In this show there are three artists and a violinist and basically they just do what they do. It’s physically extraordinary, they create connection, emotion and a feeling like a ritual. It’s so fantastically long for a speigeltent. A speigeltent is the place you go to be entertained, where you stop and clap between each act and just not think, and this is really the opposite of that.
You often incorporate live musicians into your shows alongside you circus artists. Is that a theme you like to develop?
Actually I’m trying to get away from it. Music is a very important part of how I make shows and I love live music. On the whole, though it’s almost too much of a default. However, in a speigeltent, when you listen to a 15-minute piece of Bach played on a solo violin you silently go to a place you’ve never been to in a speigeltent before. You’re listening to one of the solo instrumental masterworks, one of the most extraordinary pieces of music ever written, and when you hear that played live you go I’m no longer in a speigeltent anymore.
One of the things I set out was that I wanted anyone who comes back to a speigeltent after seeing this show to be deeply unsatisfied with what they are given. I have many friends in shows that sell our art form and our audiences short. They say if you don’t enjoy this straight away, if this doesn’t instantly melt in your mouth like a beautiful flavour, if you can’t clap every three or four minutes then it’s not a great show. I don’t believe that true, I don’t believe we’ve lost our capacity for wonder, our ability to engage with new ideas.
It’s the difference between desert and main course, I don’t want circus to just be the pudding, I want circus to be the main course. I want us to have to chew it and grapple with it, talk over it and argue about it and go somewhere emotionally with it, rather than just go that was delicious and can I have another serving, please.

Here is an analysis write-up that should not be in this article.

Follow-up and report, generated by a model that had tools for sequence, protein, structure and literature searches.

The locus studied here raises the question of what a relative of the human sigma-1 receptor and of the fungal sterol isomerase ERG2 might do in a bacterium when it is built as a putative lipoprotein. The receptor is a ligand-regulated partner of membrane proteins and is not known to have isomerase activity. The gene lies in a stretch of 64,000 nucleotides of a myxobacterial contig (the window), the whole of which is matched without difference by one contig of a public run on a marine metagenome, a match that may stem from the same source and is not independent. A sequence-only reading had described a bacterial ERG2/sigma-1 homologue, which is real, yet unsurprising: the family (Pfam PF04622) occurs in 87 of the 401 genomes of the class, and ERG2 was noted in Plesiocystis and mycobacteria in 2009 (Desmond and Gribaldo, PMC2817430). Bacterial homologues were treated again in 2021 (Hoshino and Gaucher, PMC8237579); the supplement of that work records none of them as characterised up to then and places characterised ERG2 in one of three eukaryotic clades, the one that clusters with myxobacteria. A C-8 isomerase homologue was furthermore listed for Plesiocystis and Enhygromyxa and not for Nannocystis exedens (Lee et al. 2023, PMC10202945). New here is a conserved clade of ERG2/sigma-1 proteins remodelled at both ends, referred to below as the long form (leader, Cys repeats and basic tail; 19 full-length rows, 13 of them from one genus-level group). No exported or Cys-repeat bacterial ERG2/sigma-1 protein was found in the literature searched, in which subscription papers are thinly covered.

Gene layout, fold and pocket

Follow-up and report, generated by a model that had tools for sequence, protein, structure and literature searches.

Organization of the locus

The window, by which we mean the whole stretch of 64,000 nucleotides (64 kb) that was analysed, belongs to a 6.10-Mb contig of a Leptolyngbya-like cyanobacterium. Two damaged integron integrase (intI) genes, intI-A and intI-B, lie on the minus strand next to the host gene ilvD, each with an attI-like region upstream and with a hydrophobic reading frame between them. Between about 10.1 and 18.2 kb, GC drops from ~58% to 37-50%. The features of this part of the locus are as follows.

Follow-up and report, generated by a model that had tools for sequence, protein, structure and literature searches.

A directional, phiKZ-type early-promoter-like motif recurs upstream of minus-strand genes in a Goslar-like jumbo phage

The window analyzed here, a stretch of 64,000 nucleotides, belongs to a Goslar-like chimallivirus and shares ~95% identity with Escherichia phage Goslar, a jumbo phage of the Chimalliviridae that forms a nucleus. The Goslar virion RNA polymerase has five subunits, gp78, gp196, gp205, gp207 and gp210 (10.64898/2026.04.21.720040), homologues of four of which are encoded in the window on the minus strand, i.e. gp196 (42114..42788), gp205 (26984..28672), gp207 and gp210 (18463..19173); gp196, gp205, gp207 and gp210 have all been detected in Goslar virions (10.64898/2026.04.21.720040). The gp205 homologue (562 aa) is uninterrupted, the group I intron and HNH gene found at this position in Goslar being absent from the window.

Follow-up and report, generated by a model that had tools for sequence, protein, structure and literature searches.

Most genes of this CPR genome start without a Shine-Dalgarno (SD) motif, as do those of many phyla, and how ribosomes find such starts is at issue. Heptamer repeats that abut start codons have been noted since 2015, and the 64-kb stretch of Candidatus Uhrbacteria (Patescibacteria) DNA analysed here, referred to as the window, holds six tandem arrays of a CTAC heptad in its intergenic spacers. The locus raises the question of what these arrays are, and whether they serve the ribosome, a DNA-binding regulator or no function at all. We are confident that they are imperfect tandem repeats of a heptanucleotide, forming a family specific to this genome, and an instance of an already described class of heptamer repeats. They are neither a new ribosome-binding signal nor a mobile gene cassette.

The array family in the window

Circus has grown incredibly in popularity over recent years. Why do you think that is?
The reason why circus works is because it isn’t boring. I’m going to be desperately unpopular, but we know that a great piece of theatre is an extraordinary thing, but we also know that most theatre is very boring! Not everyone agrees with that but if you look at the size of theatre audiences compared with a live music audience it gives you the idea that it’s not exciting to most people. That’s a pity as the great stories of our civilisation get told in the theatre; I believe it’s an important place for us to be.
Circus bridges that divide, circus brings thrill and immediacy; it brings a lack of respect for kowtowing to convention and brings a sense of thrill of wonder. I love that about circus, people still need to come to rooms together, come to public space as private individuals to share communal experiences.
Circa are performing five different productions in the UK during May – is it challenging to keep track of who is where?
I gave up years ago! We really are an ensemble company, a few groups doing multiple shows. Yes, sometimes we get a bit confused and sometimes the wrong bits end up in the wrong place but on the whole we’re pretty good at knowing who needs to be where. At our heart we’re a series of small companies who are linked together. We work very hard not to be a commodity and not to become the Circa experience. I want people to say I’m going to Circa and I’ve no idea what I’m going to see.
What’s next for Circa?
We’ve a hugely exciting year ahead. With this company plus one I go to make a show called Close Up, which is a show for the Edinburgh Fringe. I make a show with the Australian Brandenburg Orchestra, I make a show called Il Ritorno which is an opera meets circus project. We then do some restudying of an earlier show as we have a long run in Berlin coming up and then we start planning next year and coming up with another load of strange and weird things to do!
Circa’s What Will Have Been premieres at the Norfolk &Norwich Festival and runs until 24 May.